Heston Blumenthal said at the start of his new television programme that he would present us with techniques that we could use at home. A sausage stuffer? Liquid nitrogen? Dry ice and protective clothing? They won't be featuring in my home any time soon.
However, one idea of his did interest me. He advised a poaching of sausages for 30 minutes (the Sunday Times version gave the timing as 20 minutes) in 65C water, before frying on a medium heat. The gentle poaching helped to retain the juices of the meat, he said. A high heat for frying would cause the sausages to split; a low heat would cause the outsides to overcook.
I am not sure that I follow the logic of that last bit, but I do understand the need to cook sausages gently. I usually fry them on a very low heat, sometimes with a heat disperser beneath a heavy frying pan. The only other recipe I know that advises pre-poaching is Valentina Harris's sausages and beans in Italian Regional Cookery (BBC, now out of print). I thought I would give Heston's technique a try.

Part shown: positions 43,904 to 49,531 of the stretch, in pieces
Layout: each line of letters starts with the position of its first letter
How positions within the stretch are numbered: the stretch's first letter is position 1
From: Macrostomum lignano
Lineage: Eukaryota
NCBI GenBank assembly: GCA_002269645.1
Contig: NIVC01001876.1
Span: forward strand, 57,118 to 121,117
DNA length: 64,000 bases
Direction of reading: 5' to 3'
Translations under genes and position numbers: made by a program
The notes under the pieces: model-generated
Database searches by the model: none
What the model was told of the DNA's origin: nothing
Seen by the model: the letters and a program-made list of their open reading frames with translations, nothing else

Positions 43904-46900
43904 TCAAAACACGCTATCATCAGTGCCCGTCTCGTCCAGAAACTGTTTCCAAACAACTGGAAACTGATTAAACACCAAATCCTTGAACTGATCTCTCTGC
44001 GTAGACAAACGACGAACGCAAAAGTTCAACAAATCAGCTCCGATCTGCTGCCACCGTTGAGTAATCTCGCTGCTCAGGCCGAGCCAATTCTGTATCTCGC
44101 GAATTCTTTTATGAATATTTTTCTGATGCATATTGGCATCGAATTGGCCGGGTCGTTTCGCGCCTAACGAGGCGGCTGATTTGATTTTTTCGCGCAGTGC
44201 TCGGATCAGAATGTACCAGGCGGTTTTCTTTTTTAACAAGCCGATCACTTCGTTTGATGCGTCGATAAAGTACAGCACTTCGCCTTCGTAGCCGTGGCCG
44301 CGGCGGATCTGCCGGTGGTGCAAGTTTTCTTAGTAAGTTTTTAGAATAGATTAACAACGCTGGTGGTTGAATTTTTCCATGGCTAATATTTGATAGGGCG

I had to guess the water temperature. I heated a saucepan of water until bubbles started to appear, put a heat disperser underneath it, turned down the flame to minimum, and dropped in the sausages. The water steamed, but did not bubble again. After 30 minutes (20 would probably have been enough), I took out the sausages, and let them dry on kitchen paper.
I heated a heavy frying pan on a medium flame, poured in a little groundnut oil (the oil that Heston recommended), and fried the sausages.
Sausages split much more easily than cookery writers allow, in my experience. At the weekend, Hugh Fearnley-Whittingstall offered a recipe for toad-in-the-hole, recommending that you heat oil or fat in a roasting tin in a gas mark 7/220C oven for 10 minutes, then throw in the sausages. If my butcher's sausages were to get that treatment, they would burst like an overstuffed corset. Even a medium heat puts them under pressure.
Small fissures, through which liquid spurted, appeared in my frying sausages. What I should have done was start them on a medium heat, turn them over after a minute, then gradually lower the flame as they continued frying.
Heston is on to something. In spite of the escape of juices, these sausages were plump and moist, and retained their chunky texture. I sometimes find that the meat in slow-fried sausages is, though juicy, rather compacted.
I should have slow-fried one of yesterday's sausages in order to compare the results. My failure to do so means that I am reluctant to assert that Heston's method is the best I have found. But I shall definitely use it again.